Vaccinations are more important than ever this year because of the disrupting impact that COVID-19 has had on the nation’s routinely recommended vaccination schedule. As we recognize National Immunization Awareness Month in August, protecting individuals and communities from vaccine-preventable diseases (VPD) is vital to keeping children healthy, preventing VPD outbreaks, and reducing the burden of infectious diseases.
Healthcare and Women
Coming up on August 27, 2018, the National Meeting on Active Duty and Veteran Women’s Health will bring together health professionals and researchers to discuss the specialized health care needs of active duty and veteran women. In preparation for the meeting, Dr. Sally Haskell of the Veterans Health Administration, part of the U.S. Department of Veterans Affairs (VA), joins us on the OWH Blog. She discusses the unique risks and exposures that women veterans face that can impact their health and health care.
According to the Centers for Disease Control and Prevention, an estimated 3.5 million people in the United States have hepatitis C. What exactly is it, and why should you care about hepatitis C? Corinna Dan, the Viral Hepatitis Policy Advisor at the HHS Office of HIV/AIDS and Infectious Disease Policy, is here to explain. Read Corinna’s interview to learn how you can get hepatitis C and whether some women are at higher risk.
As an obstetrician-gynecologist, I have seen many women who struggle with mood changes after having a baby. There is a common belief that childbirth is a magical time for all mothers and that as soon as the baby is born, maternal feelings and knowledge magically appear. For many women, this may not be the case. Some women struggle with feeling anxious, sad, or like they are unable to care for their baby. They might even feel powerless to take care of themselves. Ella’s story is an example of the struggle some women experience.
As women, we're the experts on our own bodies. We know what does and doesn't feel normal, but we don't always feel empowered to speak up to get the care we need. I recently had an experience with my health where I had to seek a third opinion because the recommendations my longtime doctors offered me didn't feel right. And I'm so glad I did. Here's what happened.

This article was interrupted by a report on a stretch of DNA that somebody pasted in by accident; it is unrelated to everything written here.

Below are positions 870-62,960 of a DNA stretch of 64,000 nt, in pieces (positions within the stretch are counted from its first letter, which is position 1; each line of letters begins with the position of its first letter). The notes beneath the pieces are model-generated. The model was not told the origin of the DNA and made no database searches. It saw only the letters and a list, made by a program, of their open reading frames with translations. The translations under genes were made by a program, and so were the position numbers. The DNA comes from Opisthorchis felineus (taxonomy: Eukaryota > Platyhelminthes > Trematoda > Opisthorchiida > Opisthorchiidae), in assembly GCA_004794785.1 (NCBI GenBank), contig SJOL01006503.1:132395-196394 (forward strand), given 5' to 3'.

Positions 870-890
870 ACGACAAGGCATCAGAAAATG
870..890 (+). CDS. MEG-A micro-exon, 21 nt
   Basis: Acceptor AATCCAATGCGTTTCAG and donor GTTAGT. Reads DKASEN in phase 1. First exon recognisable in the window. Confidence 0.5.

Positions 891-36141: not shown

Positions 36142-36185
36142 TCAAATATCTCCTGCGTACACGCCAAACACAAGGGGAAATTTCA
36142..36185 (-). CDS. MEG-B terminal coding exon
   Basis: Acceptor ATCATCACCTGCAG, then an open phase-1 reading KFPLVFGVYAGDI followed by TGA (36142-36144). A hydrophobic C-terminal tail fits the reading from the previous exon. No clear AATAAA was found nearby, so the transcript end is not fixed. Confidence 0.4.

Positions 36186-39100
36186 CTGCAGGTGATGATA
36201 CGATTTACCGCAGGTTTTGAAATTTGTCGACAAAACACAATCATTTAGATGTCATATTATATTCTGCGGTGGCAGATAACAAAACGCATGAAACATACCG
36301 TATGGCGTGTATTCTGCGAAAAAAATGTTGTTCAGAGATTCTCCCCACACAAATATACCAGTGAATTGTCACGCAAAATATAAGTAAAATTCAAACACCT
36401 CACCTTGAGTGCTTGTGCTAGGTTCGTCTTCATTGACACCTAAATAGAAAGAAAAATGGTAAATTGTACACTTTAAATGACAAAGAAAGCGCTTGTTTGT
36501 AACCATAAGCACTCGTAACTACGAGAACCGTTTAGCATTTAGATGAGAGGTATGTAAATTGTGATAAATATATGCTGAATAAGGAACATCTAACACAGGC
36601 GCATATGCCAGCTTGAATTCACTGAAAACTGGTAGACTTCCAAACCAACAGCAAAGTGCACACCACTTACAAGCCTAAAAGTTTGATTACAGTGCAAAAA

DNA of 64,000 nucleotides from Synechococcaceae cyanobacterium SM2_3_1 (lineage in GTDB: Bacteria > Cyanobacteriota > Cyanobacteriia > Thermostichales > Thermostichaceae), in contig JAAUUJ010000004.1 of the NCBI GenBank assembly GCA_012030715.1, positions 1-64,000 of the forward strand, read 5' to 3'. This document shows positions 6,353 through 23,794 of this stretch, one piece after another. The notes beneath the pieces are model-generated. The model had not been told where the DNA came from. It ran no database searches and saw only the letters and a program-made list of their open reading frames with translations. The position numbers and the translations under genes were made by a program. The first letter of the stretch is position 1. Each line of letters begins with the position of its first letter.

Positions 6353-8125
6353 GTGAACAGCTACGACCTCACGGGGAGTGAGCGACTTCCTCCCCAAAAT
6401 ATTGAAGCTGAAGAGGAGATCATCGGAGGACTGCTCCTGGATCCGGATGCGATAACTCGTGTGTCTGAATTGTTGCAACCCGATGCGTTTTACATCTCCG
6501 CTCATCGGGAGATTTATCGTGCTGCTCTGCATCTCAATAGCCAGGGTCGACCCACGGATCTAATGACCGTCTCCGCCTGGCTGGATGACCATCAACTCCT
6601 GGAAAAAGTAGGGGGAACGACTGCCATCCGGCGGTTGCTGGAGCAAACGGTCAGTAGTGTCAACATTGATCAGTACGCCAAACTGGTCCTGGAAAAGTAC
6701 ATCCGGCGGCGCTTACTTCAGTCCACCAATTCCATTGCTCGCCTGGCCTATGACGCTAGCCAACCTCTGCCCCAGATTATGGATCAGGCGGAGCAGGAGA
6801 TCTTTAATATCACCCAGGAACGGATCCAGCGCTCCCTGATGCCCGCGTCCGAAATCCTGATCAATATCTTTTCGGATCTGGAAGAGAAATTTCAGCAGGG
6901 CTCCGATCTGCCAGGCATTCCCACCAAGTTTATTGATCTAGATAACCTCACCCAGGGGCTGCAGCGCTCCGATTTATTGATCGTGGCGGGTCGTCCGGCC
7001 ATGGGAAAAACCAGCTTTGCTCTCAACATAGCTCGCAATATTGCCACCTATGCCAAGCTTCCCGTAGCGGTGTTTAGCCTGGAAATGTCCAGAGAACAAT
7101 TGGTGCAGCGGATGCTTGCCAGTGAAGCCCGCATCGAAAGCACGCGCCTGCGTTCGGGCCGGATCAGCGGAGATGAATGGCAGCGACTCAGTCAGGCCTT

Starting in April 2018, Medicare will mail new Medicare cards to all people with Medicare to help protect you from identity fraud. Fraudsters are always looking for ways to get your Social Security Number, so we’re removing Social Security Numbers from all Medicare cards to make them safer.
Did you know that March is National Kidney Month? It’s a time to talk about kidney health and chronic kidney disease, a common disease among adults in the United States. That’s why we asked Dr. Kajal Patel, a doctor who specializes in kidney care and disease treatment, to share how women can keep their kidneys healthy and what they need to know about chronic kidney disease. Get her tips for kidney health and learn about women’s unique risk factors for kidney disease.
We have seen tremendous improvements in HIV treatment and prevention over the past few decades. While we want to celebrate this progress, we also need to discuss how it can lead people to falsely believe that HIV is no longer a serious health issue. People across the country — including women — continue to get and transmit HIV regardless of age, race, ethnicity, and sexual orientation.
Did you know that heart disease is the number one killer of American women, and stroke is fourth? The good news is there are steps you can take to lower your risk of heart disease and stroke at any age. We spoke to Dr. Rachel Dreyer, an Assistant Professor at the Yale School of Medicine who specializes in cardiovascular outcomes research with a focus on women’s health. Dr. Dreyer shares the basics you need to know about heart disease and how to keep your heart healthy.